Consider a staff position "as important as the medical staff [since] an unclean and unsafe medical facility cannot function properly" (Healthsource, 2018). An employee who is "first line of defense against infections" (HFM, 2018). A worker whose "attention to detail sets the stage for a clean and safe healthcare environment" (ASHE, 2016). In the past, this individual might have been called a custodian, a word that captures responsibility, trust, and safe-keeping. Today, this critical healthcare staff member may be known as an environmental services technician, but the responsibility and trust remain. In today's post, we'll explore the push and pull from different priorities experienced by environmental services personnel.
1. Careful and Quick| One of the challenges faced by the environmental services staff is the need to be methodical, careful, and detail-oriented in order to not miss biological contamination... while also being quick, efficient, and sensitive to time constraints. Effective cleaning requires no cut corners, no short cuts, no sidesteps. This means following correct wet times for a variety of chemicals, replacing cleaning water frequently, all those time-consuming steps that ensure a proper level of hygiene for the patient. However, the demands of a busy hospital put a premium on efficiency, bed turnover and the ability to complete tasks quickly. This pressure can add a level of frustration to both the environmental services employee and their supervisor.
2. Few Educational Requirements Before Hiring and High Knowledge Level Expectations After Hiring | The requirements for becoming an environmental services employee are typically a high school diploma or equivalent. While certification or experience are a plus, they are seldom required. Once the employee begins work, they are expected to quickly internalize not only their job requirements and protocols (which are many and complicated), but also information about infection prevention, dangerous pathogens, chemical handling, and many other complex topics. While these employees rise to the occasion every day, providing critical work for hospitals around the nation, these employees are also among the lowest-paid workers in a healthcare facility. This can lead to rapid staff turnover, requiring additional time and funds for training new hires, while losing out on the benefit of experienced workers with ever-improving abilities.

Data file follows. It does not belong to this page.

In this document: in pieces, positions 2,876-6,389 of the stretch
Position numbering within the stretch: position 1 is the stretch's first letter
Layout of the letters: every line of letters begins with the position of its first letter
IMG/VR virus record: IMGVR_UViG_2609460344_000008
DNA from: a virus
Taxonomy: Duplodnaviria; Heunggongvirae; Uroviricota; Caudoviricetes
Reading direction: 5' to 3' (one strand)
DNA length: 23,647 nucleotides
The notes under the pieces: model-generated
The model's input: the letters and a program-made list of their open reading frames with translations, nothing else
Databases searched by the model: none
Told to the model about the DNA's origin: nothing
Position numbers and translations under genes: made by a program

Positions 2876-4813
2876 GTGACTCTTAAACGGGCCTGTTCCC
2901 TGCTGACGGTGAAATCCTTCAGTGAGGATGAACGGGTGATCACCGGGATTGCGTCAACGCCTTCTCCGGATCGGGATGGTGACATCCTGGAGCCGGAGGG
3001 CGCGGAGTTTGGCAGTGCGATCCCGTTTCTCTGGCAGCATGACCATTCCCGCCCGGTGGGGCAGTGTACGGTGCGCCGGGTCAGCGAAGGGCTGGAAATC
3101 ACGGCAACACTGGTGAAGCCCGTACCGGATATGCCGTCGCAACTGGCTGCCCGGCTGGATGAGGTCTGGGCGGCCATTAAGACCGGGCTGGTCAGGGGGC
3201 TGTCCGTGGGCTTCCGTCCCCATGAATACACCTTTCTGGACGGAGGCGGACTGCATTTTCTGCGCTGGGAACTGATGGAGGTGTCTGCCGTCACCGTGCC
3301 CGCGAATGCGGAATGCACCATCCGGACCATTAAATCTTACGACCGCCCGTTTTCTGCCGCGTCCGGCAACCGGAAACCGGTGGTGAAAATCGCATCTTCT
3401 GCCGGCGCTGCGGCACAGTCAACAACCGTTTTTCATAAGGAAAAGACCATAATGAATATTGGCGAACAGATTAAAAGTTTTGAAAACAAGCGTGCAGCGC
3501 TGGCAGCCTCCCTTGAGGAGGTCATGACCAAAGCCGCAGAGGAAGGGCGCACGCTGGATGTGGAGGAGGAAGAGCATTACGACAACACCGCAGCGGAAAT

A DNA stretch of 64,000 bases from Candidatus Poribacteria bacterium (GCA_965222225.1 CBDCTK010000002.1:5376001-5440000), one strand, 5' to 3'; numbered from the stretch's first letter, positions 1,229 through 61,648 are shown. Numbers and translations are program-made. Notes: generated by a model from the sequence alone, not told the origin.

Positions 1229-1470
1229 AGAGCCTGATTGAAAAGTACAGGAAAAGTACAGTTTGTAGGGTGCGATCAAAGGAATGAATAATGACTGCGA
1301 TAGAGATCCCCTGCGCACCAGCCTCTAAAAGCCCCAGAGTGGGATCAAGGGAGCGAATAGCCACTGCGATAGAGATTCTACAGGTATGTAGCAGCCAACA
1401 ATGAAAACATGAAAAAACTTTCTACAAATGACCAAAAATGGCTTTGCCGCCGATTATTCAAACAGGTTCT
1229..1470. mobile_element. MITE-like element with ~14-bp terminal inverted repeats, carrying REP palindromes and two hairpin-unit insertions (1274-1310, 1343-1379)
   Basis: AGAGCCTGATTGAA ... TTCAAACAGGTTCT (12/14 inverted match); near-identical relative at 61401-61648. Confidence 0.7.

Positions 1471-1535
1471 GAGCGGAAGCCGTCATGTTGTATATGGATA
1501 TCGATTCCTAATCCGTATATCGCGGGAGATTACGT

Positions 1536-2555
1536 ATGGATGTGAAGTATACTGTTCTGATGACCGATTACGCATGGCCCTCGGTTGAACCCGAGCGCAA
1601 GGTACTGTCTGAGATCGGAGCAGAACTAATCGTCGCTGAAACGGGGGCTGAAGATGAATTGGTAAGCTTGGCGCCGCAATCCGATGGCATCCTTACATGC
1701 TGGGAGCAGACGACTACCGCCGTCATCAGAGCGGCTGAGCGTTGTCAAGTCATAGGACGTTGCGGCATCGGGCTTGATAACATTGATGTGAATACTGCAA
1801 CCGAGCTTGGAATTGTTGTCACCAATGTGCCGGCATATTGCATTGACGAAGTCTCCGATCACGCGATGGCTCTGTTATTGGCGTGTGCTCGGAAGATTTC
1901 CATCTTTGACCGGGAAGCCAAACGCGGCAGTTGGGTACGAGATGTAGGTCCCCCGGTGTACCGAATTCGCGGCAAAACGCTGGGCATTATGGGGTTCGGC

3. Unobtrusive and Omnipresent | As if cleaning a hospital room well was not difficult enough, these personnel have to accomplish these tasks while monitoring their customer service interactions at all times. A daily struggle faced by environmental services personnel is the pressure to not disturb patients and their visitors while also being responsible for daily, thorough cleaning of every surface in a patient room. Some healthcare facilities provide training dedicated just to this awkward job: Entering an occupied room and performing cleaning duties. This task requires a worker to ask permission to enter, smile, exude calmness, introducing themselves, explaining what they will be doing, listening to any concerns and addressing them or noting them for their supervisors, actually performing the cleaning in a professional way, engaging in any conversation initiated by the patient, inspecting their completed work, and exiting. Add to this list of high-visibility customer service responsibilities the fact that many environmental services personnel speak English as a second language, and you have an even more challenging work environment.
Environmental services personnel and their supervisors work very hard to balance the demands placed upon their shoulders. Thankfully, there are some national programs designed to help. The Centers for Disease Control and Prevention (CDC) for the States Targeting Reduction in Infections via Engagement (STRIVE) program funded the creation and distribution of four modules to support training for environmental services technicians by Association for Professionals in Infection Control and Epidemiology (APIC) subject matter experts and reviewed by subject matter experts from the Association for the Health Care Environment (AHE). The AHE also offers a certification program, enabling high school graduates with 5+ years of experience to achieve the same certification as a colleague with a bachelor's or associate's degree. There are a number of fee-based training programs that hospitals can use for training as well.
To conclude our post, we want to take a moment to recognize the amazing work done by the often unrecognized environmental services employees. We hope this post sheds some light on the challenges they face and the complex responsibilities they carry. So take a moment to thank an environmental services worker for being on the front lines of infection prevention and control and doing their part!